European success
Liverpool have been successful on the pitch in Europe

Author and journalist Tony Evans has defended comments he made on the Heysel disaster during Channel 4’s Italia 90 documentary.

The documentary hit screens on Monday and one of the main elements of the timeline was the Heysel Stadium disaster that occurred before the 1985 European Cup final. Fighting between Liverpool and Juventus fans in a neutral section of the ground led to a wall collapsing and 39 fans were killed.

The disaster compounded the poor reputation of fans from England on the continent and led to the ban of all English clubs indefinitely from European football.

Evans was at the game and believes the Heysel Stadium was not safe to host the cup final. He stated in the documentary: “If the stadium was in good nick, nobody would’ve died.”

The comments received an instant social media backlash with many suggesting Evans was trying to exonerate the 14 Liverpool fans who were subsequently charged with 11 sentenced for manslaughter.

Evans told MerseySportLive: “I got a lot of abuse from people, telling me I had no idea what I’m talking about, but all I can tell is the truth.

“Of course there were people (at Heysel) who didn’t cause any trouble. My mother and younger siblings were there and they weren’t drinking. Journalism is about investigating all the details about what happened.

“Of course other people’s views on that day were different to mine but I’ve probably done more research and spoken to more of those involved. In Italy, some people say if the wall hadn’t collapsed more lives would have been lost. I disagree. But either way it was that surge by Liverpool fans that was the reason for the disaster.”

The Heysel disaster has become a significant part of Liverpool Football Club’s history with annual memorials held.

However, there is a feeling more still needs to be done, as evidenced by the 2005 game between the two clubs – the first time they’d met since 1985 – with the KOP unveiling a mural reading amicizia or friendship that was rejected by many Juventus fans.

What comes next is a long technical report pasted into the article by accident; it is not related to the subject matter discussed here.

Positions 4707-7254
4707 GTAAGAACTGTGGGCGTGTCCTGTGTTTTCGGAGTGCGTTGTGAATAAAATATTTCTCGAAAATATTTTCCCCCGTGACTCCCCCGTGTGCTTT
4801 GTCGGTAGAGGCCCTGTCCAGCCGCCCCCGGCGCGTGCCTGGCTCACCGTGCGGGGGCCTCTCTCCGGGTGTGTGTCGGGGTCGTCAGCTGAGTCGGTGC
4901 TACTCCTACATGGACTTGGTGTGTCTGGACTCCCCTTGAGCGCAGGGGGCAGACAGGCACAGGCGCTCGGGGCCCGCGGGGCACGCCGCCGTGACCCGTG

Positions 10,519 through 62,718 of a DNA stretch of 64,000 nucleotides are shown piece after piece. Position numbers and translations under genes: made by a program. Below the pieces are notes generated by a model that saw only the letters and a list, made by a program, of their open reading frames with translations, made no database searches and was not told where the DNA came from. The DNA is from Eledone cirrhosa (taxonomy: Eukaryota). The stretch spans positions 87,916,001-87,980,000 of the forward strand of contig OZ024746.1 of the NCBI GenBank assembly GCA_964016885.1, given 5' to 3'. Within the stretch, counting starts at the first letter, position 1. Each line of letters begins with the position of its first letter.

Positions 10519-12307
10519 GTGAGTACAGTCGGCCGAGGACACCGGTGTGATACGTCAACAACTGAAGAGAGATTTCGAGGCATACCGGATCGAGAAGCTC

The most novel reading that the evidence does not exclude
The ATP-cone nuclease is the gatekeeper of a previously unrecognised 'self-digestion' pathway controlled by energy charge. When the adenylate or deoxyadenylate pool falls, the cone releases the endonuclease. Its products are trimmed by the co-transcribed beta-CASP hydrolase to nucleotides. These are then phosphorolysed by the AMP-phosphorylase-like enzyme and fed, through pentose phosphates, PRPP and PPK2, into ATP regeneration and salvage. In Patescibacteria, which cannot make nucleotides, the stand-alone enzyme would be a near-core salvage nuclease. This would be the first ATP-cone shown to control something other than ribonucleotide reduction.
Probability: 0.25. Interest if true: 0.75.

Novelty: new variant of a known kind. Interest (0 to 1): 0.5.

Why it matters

Evans reiterated the importance of the disaster to Liverpool’s history as he said:

“You hear other fans say that Liverpool has erased Heysel from the memory, that they’ve whitewashed it. There’s still denial among the (LFC) fanbase. There’s people who will say ‘well I wasn’t there so how can it be my fault?’ But if you want to be part of the fans, part of the collective, sing You’ll Never Walk Alone, it is a part of your history. You can’t just pick the bits you like.”

Heysel, as with the Hillsborough tragedy that saw 97 Liverpool fans lose their lives as a result of a crush in 1989, are both used by some opposing fans to upset Liverpool supporters. There have been calls recently for steps to be taken to address what appears to be a growing problem of malicious chanting between fans of certain clubs.

Likewise, Liverpool fans were criticised for unfurling a Steaua Bucharest flag in the away end at Goodison Park during the Merseyside derby in September – a reference to the 1986 European Cup winners when English clubs were banned due to Heysel and Everton were denied the opportunity to play in the competition.

Evans said: “It is point scoring. But it’s ridiculous when you hear people say ‘oh the Steaua Bucharest flag has nothing to do with it.’ Of course it does, if you’re a Liverpool fan, you know what that means. After Hillsborough we are held to higher standards than any other fan base in this country. We must maintain those standards.

“In the 1980’s, if you went to Man Utd and started singing Munich songs, which did happen, you’d know about it. You’d know there would be fans outside waiting for you and you’d get a slap for it. But nowadays it’s changed.”

Coach Welcome
Liverpool fans welcome the Manchester City coach

The rise of the recent issues have reminded some of the dark days of the 80’s. There is a danger, says Evans, that some football fans look back at that period through rose tinted glasses.

He said: “I feel like a lot of what went on at the time is romanticised nowadays. They pretend they were some sort of knights of the streets. But mostly it was just a large group of youths beating up a smaller group of youths. It was just bullying. Mass bullying.”

The next episode of the Italia 90 documentary is due to air on Monday.